This is what I find most interesting about Dillow: he highlights the absurdity of exhorting people to support one set of rulers (state bosses) against another set of rulers (corporate bosses). All left/right distinctions kind of fall away when you frame the political debate in these terms.

T'be honest when it comes to political ideology I don't give a flying fig: they're interesting things to study in their own right, just as science, technology, business, political economy, and the history of all of these things are interesting.

But do I care to ascribe to any particular ideology? No. Not really. I am somewhat peeved that despite the fact that humanity possesses the technological and economic capacity to make the world a decent place to live for everyone we still haven't done so.

I am mildly annoyed that not every one of my fellow human beings is living the Good Life they deserve to.

But as to means to achieve these ends? I don't know. I strongly suspect we haven't even started to properly explore the phase space of all possible ways of running our civilization, and there may well be ways that are qualitatively better than the current statist/capitalist model of global political economy, but I am strongly sceptical that any particular Vanguard know What Needs to Be Done and have the ability to do it.

As long as our Leaders avoid doing anything really stupid then things will probably turn out OK.

Progress will happen, as progress always does, with many incremental steps and the occasional jarring revolution.

Civilization will continue to evolve.

Saturday, April 04, 2009

Put people first

Yeah. So I've changed my mind about the G20 protesters. It is a shame that one was killed, but really they were just protesting for the sake of smashing things up and generally making a nuisance of themselves.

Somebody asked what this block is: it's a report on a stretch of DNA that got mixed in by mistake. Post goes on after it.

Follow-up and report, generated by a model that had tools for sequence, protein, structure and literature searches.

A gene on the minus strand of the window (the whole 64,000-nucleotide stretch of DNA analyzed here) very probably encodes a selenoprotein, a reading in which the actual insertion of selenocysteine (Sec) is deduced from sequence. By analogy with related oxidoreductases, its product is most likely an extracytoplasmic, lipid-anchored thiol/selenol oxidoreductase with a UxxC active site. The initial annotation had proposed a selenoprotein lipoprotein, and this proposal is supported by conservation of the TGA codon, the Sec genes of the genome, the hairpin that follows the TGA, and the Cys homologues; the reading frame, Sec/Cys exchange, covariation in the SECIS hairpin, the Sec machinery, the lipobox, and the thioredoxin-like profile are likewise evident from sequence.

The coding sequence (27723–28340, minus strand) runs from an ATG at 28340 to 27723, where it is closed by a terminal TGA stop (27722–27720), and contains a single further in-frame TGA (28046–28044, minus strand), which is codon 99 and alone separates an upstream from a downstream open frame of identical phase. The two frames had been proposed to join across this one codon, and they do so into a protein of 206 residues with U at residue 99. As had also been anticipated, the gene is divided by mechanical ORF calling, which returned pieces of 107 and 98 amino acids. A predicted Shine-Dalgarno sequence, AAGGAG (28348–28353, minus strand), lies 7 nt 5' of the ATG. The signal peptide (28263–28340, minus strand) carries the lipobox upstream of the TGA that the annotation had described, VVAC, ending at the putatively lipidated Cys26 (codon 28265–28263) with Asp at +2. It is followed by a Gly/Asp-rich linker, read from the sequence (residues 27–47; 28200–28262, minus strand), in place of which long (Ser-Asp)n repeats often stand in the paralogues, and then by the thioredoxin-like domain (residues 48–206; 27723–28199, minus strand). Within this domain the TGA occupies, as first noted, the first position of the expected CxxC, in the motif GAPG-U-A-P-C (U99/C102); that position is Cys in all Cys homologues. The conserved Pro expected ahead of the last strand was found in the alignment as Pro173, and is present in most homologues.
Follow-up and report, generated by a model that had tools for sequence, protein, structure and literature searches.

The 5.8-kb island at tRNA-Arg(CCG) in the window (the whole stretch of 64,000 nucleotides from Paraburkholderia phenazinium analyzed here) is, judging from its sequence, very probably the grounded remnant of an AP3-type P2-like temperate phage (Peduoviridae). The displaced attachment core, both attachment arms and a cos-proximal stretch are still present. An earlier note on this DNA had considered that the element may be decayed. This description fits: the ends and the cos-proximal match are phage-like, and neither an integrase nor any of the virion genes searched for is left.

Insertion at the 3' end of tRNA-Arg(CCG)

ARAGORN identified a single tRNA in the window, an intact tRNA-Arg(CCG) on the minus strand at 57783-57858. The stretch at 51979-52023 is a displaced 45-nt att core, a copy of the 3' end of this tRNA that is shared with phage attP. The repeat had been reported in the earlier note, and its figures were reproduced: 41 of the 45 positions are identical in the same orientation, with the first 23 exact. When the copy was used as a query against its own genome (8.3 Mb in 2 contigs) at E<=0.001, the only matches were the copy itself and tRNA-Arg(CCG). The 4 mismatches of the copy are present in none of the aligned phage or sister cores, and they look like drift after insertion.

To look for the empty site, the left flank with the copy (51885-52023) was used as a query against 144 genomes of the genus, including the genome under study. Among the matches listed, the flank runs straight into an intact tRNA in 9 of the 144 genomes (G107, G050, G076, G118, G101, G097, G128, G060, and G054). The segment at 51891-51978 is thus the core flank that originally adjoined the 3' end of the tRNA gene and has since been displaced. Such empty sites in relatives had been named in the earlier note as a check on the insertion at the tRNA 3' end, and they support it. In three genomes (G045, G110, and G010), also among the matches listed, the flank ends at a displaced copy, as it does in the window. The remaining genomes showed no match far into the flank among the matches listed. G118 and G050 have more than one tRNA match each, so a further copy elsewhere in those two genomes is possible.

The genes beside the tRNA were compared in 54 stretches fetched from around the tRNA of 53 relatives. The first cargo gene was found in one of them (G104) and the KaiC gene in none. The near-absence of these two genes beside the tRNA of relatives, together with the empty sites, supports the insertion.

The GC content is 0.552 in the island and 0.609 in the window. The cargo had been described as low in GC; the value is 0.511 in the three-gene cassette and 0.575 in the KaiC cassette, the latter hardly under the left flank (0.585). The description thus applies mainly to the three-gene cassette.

Edit 07/04/2009:

Nope. I've changed my mind again. I don't know exactly where I stand vis a vis the Put People First agenda, and the conduct of the police was depraved and disgusting.

Harnessing the body politic

Reading Hopi Sen's excellent analysis of Peter Oborne's less than excellent analysis on Charlie Brooker's excellent program Newswipe I was struck by an important point, from Oborne:

"You go back a generation or two, the people who came into the commons, whether from the left of the right, the primary objective was to serve the country or serve their voters, not to make money for themselves.

What is new is that the majority of people now coming into Parliament have sought politics as a career since coming out of university… so what we see is the use of politics as a way of making huge sums of money".

The first assertion is bogus: what people, and politicians especially, really want is power. But there's nothing wrong with this, it's just how we're evolutionary wired.

The trick is to create a system of government that harnesses the inherent desire for power and competitive instincts of homo sapiens sapiens to constructive ends.

Democracy works because when it works properly it enables politicians to achieve power by giving the public what they think the public wants.

That this is an absurd impossibility is without doubt: but at least they're trying and at least they're accountable and at least they're so keen to stab each other in the back that they can very effectively police themselves.